Life on Mars — S2 Ep5

Lamb breaking down

So, the question is, when your leading character MUST be in every scene (since we’re seeing the world through his eyes), how do you do a flashback to a scene he was never in?

Puppet SamDrug overdose?  On paper it sounds ridiculous, but remember, we’re dealing with a universe in which being hit by a car magically transports Sam’s consciousness into 1973, so there’s a certain amount of flexibility built in.   Besides, they’ve been setting this up from the beginning; we know that 2006 can have some effect on Sam in 1973 — like when Tony Crane messes with his oxygen in 2006, and Sam can barely stand in 1973.  So if the plot calls for Sam’s brain to go into some freaky sort of overdrive in 1973, why not have him have a drug overdose in 2006?

And “freaky” it is.  Not only does Sam manage realistic flashbacks to scenes he never experienced, he also somehow picks up the present (from different locations) on his television.  The question arises as to what, exactly, Sam is perceiving.  His ability to pick up distant images of the present leads you to think he’s seeing true events–so his images of the past are also what actually happened.  But, ultimately, this episode goes all Rashomon on us:  Sam’s visions of the past aren’t what actually happened, but, instead, what his storyteller thinks happened.  In some cases, the two are the same–like when Sam brushes Ray and realizes Ray was sleeping at his desk the night before.  But in others, like the pivotal interview with the young murder suspect, the differences are critical.  God really is in the details.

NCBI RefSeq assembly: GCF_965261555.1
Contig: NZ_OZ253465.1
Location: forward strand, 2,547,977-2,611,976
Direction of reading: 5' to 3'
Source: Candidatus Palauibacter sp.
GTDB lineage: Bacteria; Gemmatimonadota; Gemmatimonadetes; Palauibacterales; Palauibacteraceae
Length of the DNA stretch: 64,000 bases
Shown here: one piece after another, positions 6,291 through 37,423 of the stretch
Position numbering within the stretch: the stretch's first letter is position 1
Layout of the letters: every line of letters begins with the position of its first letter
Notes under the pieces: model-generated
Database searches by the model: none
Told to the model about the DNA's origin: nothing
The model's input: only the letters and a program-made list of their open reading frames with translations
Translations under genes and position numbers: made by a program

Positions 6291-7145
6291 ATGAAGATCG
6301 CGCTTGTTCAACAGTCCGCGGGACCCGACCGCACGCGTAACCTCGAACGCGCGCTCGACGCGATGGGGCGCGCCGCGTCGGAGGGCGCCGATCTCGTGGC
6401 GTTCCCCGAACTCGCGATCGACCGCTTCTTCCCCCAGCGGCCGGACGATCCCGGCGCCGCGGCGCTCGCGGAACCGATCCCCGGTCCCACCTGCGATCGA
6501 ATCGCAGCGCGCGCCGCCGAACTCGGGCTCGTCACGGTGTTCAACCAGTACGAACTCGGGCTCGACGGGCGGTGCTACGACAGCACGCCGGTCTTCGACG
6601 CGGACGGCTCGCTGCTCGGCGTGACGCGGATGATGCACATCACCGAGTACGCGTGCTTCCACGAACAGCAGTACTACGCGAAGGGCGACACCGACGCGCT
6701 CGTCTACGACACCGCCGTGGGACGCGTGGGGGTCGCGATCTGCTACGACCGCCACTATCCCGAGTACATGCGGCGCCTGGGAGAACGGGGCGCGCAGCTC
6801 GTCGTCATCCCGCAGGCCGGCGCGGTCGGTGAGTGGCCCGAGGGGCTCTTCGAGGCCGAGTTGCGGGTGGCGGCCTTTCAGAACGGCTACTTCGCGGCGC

Oh Shit signWhile I like to think that most episodes of Life on Mars are fun on repeat viewings, this one, in particular, stands out.  Sure, I love Sam’s hallucinations (watching clay puppet Gene stop kicking in the nonce to wave at the camera is precious, and the “Oh Shit” gets me every time), but what really makes this episode excellent the second time around is how it plays when you know that Mr. Lamb isn’t as innocent as he appears.

(It wasn’t until I typed that sentence that I even noticed the significance of his name.  But, it’s clear that nobody in CID suspects that Mr. Lamb is really a wolf in sheep’s clothing.)  Mr. Lamb is great fun to watch the second time around, though, because he isn’t simply a distraught victim, terrified that harm will come to hiLamb to the slaughters kidnapped wife and daughter.  Instead, he’s a man realizing that his own guilt has come home to roost, and he’s very nearly coming apart the seams.  Ask yourself this:  if you felt the police weren’t adequately investigating the kidnapping of your loved ones, would your first line of attack really be to hang yourself in the station?  Or is the fact that Lamb immediately leaps to the idea of suicide symptomatic of a rather deeper problem?  Look, Lamb is scum and deserves every second of the emotional torment he goes through–but I damn near feel sorry for him when, as the clock is ticking away on his family’s lives, he tries to confess to the crime he actually did commit, and nobody is willing to believe him.

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